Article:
Hergé’s works have been widely acclaimed for their clarity of draughtsmanship and meticulous, well-researched plots, and have been the source of a wide range of adaptations. He remains a strong influence on the comic book medium, particularly in Europe. Since 2009, the Hergé Museum opened in Louvain-La-Neuve, honoring the world of Tintin and Hergé.
N.B. RESERVATIONS ESSENTIAL AS SPACE IS LIMITED AT THIS EVENT.
Posted: August 15th, 2014 | No Comments »
The magnificent Palais Garnier, the Paris Opera House was completed in 1875 and was Charles Garnier’s tour de force architecturally. Not everyone’s a fan of it – Le Courbusier hated it, but a confection such as the Palais Garnier has to contain a little Chinoiserie tucked away somewhere, surely? And so it does, in the Rotande du Glacier, a light and airy rotunda adorned with a painted ceiling by Georges Jules-Victor Clairin and tapestries illustrating a variety of drinks as well as hunting and fishing scenes. Completed after the Opera had opened. Among the drink related scenes on the walls is one of a Chinese lady pouring tea…
the Rotonde du Glacier
Posted: August 14th, 2014 | No Comments »
Lauren Bacall was always of course a captivating screen presence. In among the tributes to her this week surely room for a moment to remember her 1955 appearance as Cathy Grainger in Blood Alley. John Wayne is a merchant marine captain, rescued from the Chinese Communists by local villagers, only to be “shanghaied” into transporting the whole village to Hong Kong on an ancient paddle steamer.The film is an adaptation of Sidney Fleischman’s novel – Fleischman had been in the Pacific with the US Navy in WW2 and later wrote a number of novels set in the Far East. “Adventure on the danger waters of the Orient!” ran the tagline for the movie.
OK, so it was all filmed in California, large portions on Belvedere Island but still cost a cool US$2mn bucks (plenty gelt at the time). Bacall signed on to work with Robert Mitchum at first, but Mitchum pulled out, Gregory Peck turned it down and Bogart wanted too much money. Eventually Wayne took over the lead. There’s a fair bit of yellowface going on too. Bacall is a medical missionary’s daughter stranded in China after her father is killed by the commies. Sadly the film got a poor reception from the critics who found it a bit laboured despite its “exotic, Oriental setting.” Sadder still for China Rhymers perhaps, the infamous Blood Alley bar strip of Shanghai legend plays no role (the route by sea to Formosa is the Blood Alley of the title). Wayne and Bacall had little if any chemistry together. If you want a Hollywood ‘escape the Chi-commies by boat’ movie then you’re better of with the 1966 Sand Pebbles Steve McQueen movie quite honestly. But still Bacall, as ever, smoulders! You can check out the trailer here.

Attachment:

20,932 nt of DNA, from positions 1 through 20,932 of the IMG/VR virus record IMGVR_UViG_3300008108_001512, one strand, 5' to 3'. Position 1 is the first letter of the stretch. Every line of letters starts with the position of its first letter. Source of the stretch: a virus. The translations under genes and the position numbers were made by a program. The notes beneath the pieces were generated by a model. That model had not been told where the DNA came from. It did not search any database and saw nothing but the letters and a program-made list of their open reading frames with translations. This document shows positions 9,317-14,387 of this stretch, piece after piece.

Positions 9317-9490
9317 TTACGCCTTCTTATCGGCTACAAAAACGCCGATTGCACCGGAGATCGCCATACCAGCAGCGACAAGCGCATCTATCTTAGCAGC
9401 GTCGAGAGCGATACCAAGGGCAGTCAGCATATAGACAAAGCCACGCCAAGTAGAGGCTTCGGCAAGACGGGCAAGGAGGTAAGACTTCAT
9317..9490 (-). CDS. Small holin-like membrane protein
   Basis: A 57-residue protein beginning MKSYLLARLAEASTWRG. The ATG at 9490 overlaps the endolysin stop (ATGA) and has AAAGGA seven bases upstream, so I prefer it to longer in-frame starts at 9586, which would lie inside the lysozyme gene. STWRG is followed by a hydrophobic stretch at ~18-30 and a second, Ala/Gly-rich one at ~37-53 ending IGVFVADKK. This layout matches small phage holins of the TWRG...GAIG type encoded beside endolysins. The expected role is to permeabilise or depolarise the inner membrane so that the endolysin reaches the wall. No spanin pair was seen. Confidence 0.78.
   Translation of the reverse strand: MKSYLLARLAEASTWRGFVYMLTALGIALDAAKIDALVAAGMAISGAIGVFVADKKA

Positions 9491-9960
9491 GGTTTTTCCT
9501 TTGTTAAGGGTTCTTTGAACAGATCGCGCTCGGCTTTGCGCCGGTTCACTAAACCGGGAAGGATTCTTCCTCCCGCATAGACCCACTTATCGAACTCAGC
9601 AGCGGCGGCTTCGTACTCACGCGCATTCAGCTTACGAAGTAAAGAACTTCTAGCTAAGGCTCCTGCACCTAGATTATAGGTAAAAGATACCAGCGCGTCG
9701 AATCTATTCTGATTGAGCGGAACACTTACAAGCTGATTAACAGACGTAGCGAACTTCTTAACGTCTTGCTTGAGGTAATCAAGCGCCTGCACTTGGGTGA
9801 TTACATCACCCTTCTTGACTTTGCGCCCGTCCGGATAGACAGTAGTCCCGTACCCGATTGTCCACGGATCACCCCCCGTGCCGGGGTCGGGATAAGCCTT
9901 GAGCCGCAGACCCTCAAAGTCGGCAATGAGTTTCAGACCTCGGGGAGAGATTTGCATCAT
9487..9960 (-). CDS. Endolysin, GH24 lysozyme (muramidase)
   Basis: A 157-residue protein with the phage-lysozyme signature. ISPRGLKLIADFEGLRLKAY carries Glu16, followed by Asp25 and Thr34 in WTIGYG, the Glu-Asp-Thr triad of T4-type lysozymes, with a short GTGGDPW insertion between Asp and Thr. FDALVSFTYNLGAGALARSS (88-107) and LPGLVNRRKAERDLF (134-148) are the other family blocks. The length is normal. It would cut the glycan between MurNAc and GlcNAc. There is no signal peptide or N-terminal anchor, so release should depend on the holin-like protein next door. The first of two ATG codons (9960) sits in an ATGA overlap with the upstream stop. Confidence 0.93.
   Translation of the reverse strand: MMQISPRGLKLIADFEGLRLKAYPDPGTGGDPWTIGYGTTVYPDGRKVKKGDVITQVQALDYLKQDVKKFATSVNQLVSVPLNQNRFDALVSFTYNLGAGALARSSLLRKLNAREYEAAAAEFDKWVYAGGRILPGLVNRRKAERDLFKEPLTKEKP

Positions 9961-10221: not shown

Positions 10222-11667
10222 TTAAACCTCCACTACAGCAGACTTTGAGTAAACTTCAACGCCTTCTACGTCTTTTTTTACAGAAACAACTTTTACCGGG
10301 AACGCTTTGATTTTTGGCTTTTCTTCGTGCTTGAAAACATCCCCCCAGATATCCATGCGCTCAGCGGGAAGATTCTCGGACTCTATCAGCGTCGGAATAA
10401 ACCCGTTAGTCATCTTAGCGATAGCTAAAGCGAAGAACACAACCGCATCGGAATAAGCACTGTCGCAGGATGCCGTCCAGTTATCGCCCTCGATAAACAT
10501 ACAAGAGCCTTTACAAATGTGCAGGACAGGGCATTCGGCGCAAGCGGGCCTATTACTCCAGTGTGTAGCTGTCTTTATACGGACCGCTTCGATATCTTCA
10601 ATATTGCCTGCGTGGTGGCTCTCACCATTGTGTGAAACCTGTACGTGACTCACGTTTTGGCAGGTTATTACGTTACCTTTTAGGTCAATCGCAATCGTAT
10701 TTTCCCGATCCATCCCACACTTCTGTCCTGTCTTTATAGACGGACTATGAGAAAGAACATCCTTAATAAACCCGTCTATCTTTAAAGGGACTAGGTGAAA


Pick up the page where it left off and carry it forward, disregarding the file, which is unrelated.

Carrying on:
Posted: August 13th, 2014 | No Comments »
Clearing out the other day I came across a box of books from my early childhood – so basically the late ’60s and early ’70s. In amongst the books was Bengo’s Friends. Bengo the Boxer was the subject of a series of kid’s books published in the 1960s. I do not recall ever having learnt to read from Bengo’s Friends but I suppose I must have at some point…those wondering how exactly I came to be interested in China (subconsciously I suppose) may like to take a look at the rather distinctly politically incorrect last of Bengo’s many friends…